Composite? Are you sure? They don't supply an SD componenet PAL feed to the transmitter? Or an SDI feed?

How is free-to-air digital TV faring in other parts of the world? Does anybody actually broadcast 1080p (that is 1980 x 1080)? And is it real 1080p or just crap video in a 1080p “container”?


I think all the original specs for high definition TV went up to 1080i only. I think there have been some more recent changes to this but certainly none of the set-top boxes were made to support it. Here in the UK HD broadcasting is in 1080i, because it's a bigger number and so better innit. We mostly have HD on SAT TV. They have recently tried to cram the 4/5 main channels onto a tiny space in terrestrial tv but most people don't have any kind of setup for High Def unless they are on SAT or cable. The bitrates on the terrestrial version of HD are scary low but...

...so are the SD channels. Here in the UK we went the other way. Digital TV here is mostly all about standard definition and lots of it! We have loads and loads of Standard def channels. The government have always seen digital as an opportunity to free up some of the broadcast spectrum and sell it to mobile operators at vastly inflated prices. So digital is all about cramming lots more TV into a small space. They have struggled to find space for a few HD channels at all and SD channels are massively compressed. I was shocked when I first saw digital TV as the picture quality was so poor compared to analogue. Since then they have dropped the bandwidth a lot to cram more in.

Of course the UK is the home of vaccuous poop and "reality" tv etc Theres plenty of choice if that is what you are into. Most people I know are now very happy with everything their computer has to offer instead, including picking up the odd programme from the iplayer, but UK TV had been very low quality for quite some time now.

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Freya
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#3 Keith Walters

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Posted 15 July 2012 - 07:29 AM

Composite? Are you sure? They don't supply an SD componenet PAL feed to the transmitter? Or an SDI feed?

Absolutely sure. Apart from people I know who work there confirming it, you could clearly see the remaining traces of the colour subcarrier on the digital transmissions. You still do on a lot of regional news feeds.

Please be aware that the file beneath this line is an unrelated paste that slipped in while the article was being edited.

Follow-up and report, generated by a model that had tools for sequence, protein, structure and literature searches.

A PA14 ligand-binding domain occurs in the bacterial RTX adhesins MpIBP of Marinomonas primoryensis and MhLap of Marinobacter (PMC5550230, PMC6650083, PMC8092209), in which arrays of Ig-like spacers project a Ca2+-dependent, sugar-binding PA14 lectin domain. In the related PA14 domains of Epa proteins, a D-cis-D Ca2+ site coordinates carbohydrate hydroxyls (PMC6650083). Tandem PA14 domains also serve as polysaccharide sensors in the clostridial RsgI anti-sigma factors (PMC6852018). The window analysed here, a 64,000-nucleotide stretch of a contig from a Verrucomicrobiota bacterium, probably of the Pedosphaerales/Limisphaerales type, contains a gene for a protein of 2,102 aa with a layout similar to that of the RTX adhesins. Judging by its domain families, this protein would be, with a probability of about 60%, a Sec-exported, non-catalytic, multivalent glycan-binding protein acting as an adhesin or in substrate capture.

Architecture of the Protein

I don't know about other countries, but here, component video distribution simply didn't happen, in TV studios at least.
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#4 Freya Black

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Posted 15 July 2012 - 08:06 AM

Absolutely sure. Apart from people I know who work there confirming it, you could clearly see the remaining traces of the colour subcarrier on the digital transmissions. You still do on a lot of regional news feeds.
I don't know about other countries, but here, component video distribution simply didn't happen, in TV studios at least.


In the UK component happened a little bit but then SDI came along quite quickly afterwards and was obviously better but also way more economical as you could re-use the composite cables for SDI, without extra wiring or re-wiring which might be VERY expensive. So component was a bit of a short lived thing that only got used slightly in different parts of the chain.

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Edited by Freya Black, 15 July 2012 - 08:07 AM.

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#5 Francesco Bonomo

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Posted 15 July 2012 - 05:15 PM

Italy has completed the 100% "switch off" to digital tv last month. No HD available yet, so it looks...well....ok, I guess, but it doesn't really matter since the quality of programs is crappy, at best (and getting worse). If you want HD here, you must have a SKY decoder, but the compression is so high that sometimes it looks like UBER-sharpened standard dvd-quality.